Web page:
This comprehensive action includes reintroducing nature into our cities by significantly increasing tree canopy, urban forests, and water bodies; designing heat-resilient urban areas and using reflective roofs, roads, and pavements to ventilate our cities and prevent heat entrapment; prioritizing efficient transport planning and public transport to reduce car-induced heat; mainstreaming passive cooling into all buildings — especially for those who cannot afford ACs; and implementing sustainable cooling solutions like district cooling. All these steps can mitigate the UHIE and transform our urban areas into heat-resilient cities.
We also need to prepare more diligently for heatwaves in all cities, ensuring our citizens and infrastructure (like health, power, water, and shelters) are sufficiently safeguarded.
UHI mapping is a pivotal recommendation for all heat-vulnerable cities in India. These maps identify urban zones with higher surface and air temperatures during summer, compared to suburban areas, termed as hotspots.
UHI intensity varies across cities based on built-up density, green cover percentage, and street geometry. For instance, UHI studies in Bangalore revealed a temperature difference of 7°C in different areas based on urban planning attributes of the local zones/ wards.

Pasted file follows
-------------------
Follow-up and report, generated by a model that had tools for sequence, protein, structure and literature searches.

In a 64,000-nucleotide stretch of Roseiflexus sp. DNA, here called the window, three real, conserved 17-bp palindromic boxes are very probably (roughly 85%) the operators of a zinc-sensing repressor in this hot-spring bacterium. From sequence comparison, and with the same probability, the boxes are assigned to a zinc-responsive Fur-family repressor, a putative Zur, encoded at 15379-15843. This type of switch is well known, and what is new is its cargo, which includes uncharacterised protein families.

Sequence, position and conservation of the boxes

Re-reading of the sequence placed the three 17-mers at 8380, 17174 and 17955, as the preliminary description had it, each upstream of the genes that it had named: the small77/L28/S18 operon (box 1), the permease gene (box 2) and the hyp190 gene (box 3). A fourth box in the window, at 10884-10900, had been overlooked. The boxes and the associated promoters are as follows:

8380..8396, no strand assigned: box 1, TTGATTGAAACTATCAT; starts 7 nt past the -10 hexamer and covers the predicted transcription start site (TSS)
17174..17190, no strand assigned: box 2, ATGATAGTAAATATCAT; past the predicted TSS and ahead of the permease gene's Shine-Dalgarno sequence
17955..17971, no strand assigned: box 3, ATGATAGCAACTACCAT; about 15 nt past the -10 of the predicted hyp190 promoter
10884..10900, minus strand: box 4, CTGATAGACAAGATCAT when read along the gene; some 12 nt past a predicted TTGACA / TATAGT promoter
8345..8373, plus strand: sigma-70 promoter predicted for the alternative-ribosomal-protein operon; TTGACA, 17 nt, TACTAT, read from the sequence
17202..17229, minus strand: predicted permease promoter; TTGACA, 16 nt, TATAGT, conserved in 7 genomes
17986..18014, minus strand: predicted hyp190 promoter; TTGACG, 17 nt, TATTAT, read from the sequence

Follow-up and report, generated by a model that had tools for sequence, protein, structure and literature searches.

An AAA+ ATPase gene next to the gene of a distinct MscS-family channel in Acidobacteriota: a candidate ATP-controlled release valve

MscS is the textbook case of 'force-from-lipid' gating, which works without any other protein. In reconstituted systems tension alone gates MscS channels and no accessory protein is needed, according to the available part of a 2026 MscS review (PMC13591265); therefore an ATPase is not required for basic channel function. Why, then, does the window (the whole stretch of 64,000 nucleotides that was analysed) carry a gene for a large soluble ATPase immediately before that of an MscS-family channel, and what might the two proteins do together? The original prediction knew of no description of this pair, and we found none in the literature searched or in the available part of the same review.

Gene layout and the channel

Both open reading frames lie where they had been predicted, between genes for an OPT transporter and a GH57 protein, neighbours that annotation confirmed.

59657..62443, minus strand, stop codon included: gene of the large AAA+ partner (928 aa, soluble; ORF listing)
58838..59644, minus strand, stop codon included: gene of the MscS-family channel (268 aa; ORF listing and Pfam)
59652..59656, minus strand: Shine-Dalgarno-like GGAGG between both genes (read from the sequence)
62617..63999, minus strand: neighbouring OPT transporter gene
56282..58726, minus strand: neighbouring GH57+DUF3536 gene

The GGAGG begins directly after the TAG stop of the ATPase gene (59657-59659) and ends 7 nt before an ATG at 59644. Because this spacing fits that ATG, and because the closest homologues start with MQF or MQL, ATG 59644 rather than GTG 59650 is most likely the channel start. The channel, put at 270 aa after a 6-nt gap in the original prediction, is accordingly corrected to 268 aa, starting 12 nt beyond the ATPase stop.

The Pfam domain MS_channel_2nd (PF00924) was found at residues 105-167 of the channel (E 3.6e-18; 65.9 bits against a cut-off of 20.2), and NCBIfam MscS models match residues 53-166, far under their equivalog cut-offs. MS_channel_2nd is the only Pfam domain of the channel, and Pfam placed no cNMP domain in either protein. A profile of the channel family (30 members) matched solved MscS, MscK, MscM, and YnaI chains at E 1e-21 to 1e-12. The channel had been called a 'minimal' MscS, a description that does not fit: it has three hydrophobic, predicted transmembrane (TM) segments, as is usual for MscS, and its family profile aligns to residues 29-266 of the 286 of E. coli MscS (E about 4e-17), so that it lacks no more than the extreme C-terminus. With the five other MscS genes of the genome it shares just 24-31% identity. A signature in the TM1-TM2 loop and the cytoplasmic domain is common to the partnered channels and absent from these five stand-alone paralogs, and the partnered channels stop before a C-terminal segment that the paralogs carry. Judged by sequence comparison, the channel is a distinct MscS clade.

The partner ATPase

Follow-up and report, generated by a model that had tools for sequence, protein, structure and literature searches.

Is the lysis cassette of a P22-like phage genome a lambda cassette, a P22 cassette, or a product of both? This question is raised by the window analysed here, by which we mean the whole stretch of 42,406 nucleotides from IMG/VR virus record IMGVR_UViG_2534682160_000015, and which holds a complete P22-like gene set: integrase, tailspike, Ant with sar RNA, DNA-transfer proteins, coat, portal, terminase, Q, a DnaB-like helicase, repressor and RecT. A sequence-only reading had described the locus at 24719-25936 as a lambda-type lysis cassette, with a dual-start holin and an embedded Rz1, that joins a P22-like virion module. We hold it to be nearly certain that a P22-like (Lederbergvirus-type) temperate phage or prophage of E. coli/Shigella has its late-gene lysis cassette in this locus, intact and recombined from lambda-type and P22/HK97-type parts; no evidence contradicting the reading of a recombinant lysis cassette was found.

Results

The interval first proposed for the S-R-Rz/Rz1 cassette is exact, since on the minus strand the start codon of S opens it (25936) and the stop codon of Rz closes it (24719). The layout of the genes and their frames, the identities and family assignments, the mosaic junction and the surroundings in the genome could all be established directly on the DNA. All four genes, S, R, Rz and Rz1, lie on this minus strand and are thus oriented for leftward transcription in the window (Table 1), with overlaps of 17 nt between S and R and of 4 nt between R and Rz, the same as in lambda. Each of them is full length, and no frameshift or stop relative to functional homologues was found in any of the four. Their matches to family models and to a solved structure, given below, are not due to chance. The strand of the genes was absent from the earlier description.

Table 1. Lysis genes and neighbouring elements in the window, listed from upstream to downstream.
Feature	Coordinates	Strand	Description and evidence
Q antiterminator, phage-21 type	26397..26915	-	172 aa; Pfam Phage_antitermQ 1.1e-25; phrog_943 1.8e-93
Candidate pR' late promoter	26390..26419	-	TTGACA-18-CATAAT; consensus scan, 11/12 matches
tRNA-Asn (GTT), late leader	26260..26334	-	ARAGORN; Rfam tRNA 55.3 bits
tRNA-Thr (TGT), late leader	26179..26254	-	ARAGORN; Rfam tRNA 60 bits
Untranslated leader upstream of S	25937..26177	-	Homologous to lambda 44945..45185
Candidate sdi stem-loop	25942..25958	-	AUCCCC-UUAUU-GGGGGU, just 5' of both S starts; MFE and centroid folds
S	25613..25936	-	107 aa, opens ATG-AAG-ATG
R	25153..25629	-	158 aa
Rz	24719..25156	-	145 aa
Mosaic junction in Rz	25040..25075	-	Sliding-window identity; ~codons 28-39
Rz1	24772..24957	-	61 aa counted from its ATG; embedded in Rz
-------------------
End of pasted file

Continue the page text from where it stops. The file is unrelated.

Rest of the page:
Once hotspots are identified through UHI maps, they can be analyzed to incorporate heat mitigation measures such as strategic tree planting, road shading, using permeable pavements, green roofs, and designing passively cooled buildings.
The National Disaster Management Authority (NDMA)’s revised guidelines recommend that each city assess its Master plan and built environment to identify the primary contributors to and controllers of UHI magnitude. This will help implement long-term urban planning and mitigation measures.
Several international examples can guide UHI mitigation measures and heat action planning. For instance, Madrid has committed to planting up to 450,000 native trees by 2030 to alleviate UHI. Ljubljana, Slovenia, closed 10 hectares of city-center land to motor vehicles, renovated roads, and expanded tree canopy cover, resulting in reduced temperatures and noise pollution. This highlights the synergy between green spaces and reduced transport.
Cities in India are already enhancing their resilience against heat, but there’s more to accomplish. About 30 cities have conducted UHI analysis. Ahmedabad has integrated cool roofs as a resilience measure, and Chennai is utilizing UHI assessments to inform a new master plan, including district cooling systems, passively cooled affordable housing, and nature-based cooling.
Going forward, cities will need more support. At UNEP, we’re collaborating with the Ministry of Housing and Urban Affairs, National Institute of Urban Affairs, the Government of Denmark, and other partners on an India Urban Cooling Programme within the Cool Coalition framework. This collaboration aims to raise awareness and support Indian cities as they adapt to rising temperatures and address the escalating cooling demand sustainably.
Views expressed by Dr. Divya Datt, Senior Programme Manager, United Nations Environment Programme (UNEP) India Office & Minni Sastry, Advisor to UNEP on Heat Resilience & Adjunct Faculty – R V College of Architecture